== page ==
Officially announced at the 2012 SHOT Show and unofficially announced in November of 2011, the SIG P938 instantly received a lot of attention. A scaled-up variant of the SIG P238, the P938 is chambered in the more powerful 9mm Parabellum, as opposed to .380 ACP.
While the P938 is functionally the same as the P238, the P938 is an entirely new pistol. Everything about it is different, made larger and heavier to accommodate the higher pressures of the 9mm cartridge. Even the grip panels are different, due to the increased length of the grip front to back. The sights are the only thing they have in common.
The P938 is slightly larger in all dimensions and has a longer, 3-inch barrel. It still manages to have a loaded weight of just under 20 ounces; though larger, the P938 is by no means larger. The P938 has aggressively-checkered front- and backstraps to help with the increased recoil.
Announced in a variety of models, the P938 is slowly trickling into stores. It would seem as though the P938 Nightmare is the most common, black with black synthetic grips, night sights, and a nickel-finish slide catch, ambidextrous safety and magazine release. The going rate for a P938 is around $700.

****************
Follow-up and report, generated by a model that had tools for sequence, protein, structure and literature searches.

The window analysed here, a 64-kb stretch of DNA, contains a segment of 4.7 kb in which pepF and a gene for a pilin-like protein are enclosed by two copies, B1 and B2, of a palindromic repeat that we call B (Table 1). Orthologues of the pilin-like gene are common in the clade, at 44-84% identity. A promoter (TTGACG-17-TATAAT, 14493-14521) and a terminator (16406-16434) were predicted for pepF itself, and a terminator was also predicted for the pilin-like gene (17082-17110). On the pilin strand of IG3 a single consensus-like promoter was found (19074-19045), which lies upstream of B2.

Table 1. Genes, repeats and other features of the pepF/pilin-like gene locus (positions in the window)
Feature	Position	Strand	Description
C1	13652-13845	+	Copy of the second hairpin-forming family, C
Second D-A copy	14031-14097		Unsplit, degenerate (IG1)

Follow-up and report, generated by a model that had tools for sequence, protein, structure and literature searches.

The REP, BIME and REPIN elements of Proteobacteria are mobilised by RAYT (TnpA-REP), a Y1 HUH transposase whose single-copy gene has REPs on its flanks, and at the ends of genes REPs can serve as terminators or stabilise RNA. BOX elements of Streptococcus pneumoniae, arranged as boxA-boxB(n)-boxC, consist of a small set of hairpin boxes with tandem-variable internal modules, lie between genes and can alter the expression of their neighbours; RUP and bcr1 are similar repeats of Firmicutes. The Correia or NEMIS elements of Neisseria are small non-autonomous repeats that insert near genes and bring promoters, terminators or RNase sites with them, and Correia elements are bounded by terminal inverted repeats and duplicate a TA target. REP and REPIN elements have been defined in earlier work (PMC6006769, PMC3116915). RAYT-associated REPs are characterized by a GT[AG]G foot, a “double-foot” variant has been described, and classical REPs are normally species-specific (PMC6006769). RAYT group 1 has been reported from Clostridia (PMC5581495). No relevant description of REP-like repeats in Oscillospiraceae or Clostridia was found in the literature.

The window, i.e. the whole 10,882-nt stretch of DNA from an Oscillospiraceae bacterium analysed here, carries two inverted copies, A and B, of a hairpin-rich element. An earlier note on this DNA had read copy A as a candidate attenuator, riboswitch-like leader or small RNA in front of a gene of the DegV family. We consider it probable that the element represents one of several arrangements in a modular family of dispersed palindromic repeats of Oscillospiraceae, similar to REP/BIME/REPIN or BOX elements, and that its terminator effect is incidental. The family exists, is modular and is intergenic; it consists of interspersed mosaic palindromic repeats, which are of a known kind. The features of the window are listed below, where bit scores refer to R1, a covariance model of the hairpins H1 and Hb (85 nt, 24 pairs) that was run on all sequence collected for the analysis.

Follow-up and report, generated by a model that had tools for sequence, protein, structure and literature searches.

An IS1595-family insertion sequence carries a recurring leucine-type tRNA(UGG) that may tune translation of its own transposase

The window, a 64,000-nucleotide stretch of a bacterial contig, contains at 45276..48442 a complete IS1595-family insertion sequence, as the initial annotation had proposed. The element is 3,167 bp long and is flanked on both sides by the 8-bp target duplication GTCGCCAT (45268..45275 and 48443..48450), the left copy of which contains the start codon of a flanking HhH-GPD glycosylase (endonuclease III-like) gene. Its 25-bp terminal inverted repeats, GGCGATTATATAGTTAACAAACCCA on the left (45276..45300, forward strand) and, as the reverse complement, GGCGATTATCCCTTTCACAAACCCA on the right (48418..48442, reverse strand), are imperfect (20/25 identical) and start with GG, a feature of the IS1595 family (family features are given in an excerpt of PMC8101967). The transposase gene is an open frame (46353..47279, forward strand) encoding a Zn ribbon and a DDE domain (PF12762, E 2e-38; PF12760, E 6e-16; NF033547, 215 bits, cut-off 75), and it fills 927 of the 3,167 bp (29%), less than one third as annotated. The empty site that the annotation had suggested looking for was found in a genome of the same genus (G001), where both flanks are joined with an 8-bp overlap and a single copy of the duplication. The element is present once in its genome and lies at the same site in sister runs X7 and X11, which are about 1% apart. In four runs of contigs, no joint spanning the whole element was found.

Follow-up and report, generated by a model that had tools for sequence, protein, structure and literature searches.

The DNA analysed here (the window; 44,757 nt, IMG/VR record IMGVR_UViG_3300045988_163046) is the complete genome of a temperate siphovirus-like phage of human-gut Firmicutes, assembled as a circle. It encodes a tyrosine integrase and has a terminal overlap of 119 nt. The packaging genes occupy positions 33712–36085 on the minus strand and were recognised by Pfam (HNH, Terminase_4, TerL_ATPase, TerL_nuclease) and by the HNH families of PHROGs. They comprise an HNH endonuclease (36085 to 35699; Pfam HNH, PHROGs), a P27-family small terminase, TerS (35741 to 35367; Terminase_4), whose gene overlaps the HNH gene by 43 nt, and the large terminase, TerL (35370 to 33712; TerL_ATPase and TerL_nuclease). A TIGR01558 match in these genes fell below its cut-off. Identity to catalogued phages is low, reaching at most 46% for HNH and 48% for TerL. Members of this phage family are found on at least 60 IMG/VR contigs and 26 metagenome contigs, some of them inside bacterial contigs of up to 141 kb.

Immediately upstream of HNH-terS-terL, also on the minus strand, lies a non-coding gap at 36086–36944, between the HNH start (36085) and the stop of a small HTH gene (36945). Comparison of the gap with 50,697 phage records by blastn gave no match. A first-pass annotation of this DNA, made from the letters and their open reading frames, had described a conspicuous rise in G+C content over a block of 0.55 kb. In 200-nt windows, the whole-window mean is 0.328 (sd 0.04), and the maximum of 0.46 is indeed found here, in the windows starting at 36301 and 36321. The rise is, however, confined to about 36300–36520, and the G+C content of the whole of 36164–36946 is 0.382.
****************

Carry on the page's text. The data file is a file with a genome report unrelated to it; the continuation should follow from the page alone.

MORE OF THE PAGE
While priced higher than the P238, the P938 fills a gap in the 1911 world—although some would argue that it, and guns like it, the P238 and Colt Mustang Pocketlite aren’t true 1911s, due to their modified trigger and safeties—between some of the fairly common but less expensive and less featured micro-compacts and high-end carry 1911s like the Kimber Ultra TLE II or Springfield EMP.
Plus it’s got SIG’s unmistakable style going for it, although that is a matter of personal preference.
Other specifications are:
- Trigger Pull SA: 7.5-8.5 pounds
- Overall Length: 5.9 inches
- Overall Height: 3.9 inches
- Overall Width: 1.1 inches (at the controls, .9 at the grip)
- Barrel Length: 3.0 inches
- Sight Radius: 4.2 inches
- Weight: 16.0 ounces (without magazine, 17 with)
- Capacity: 6+1, 7+1 with extended magazine
So if you’ve been hurting for a P938, now is the time to get out there and asking around. They are available from a few online vendors as well.
Of course, the P238 had some pretty bad teething issues. Initial reports say that the P938 doesn’t seem to have the same problems, but it is an all-new gun. Would SIG’s history with the P238 prevent you from running out and grabbing a P938?
Photo credit Guns & Ammo.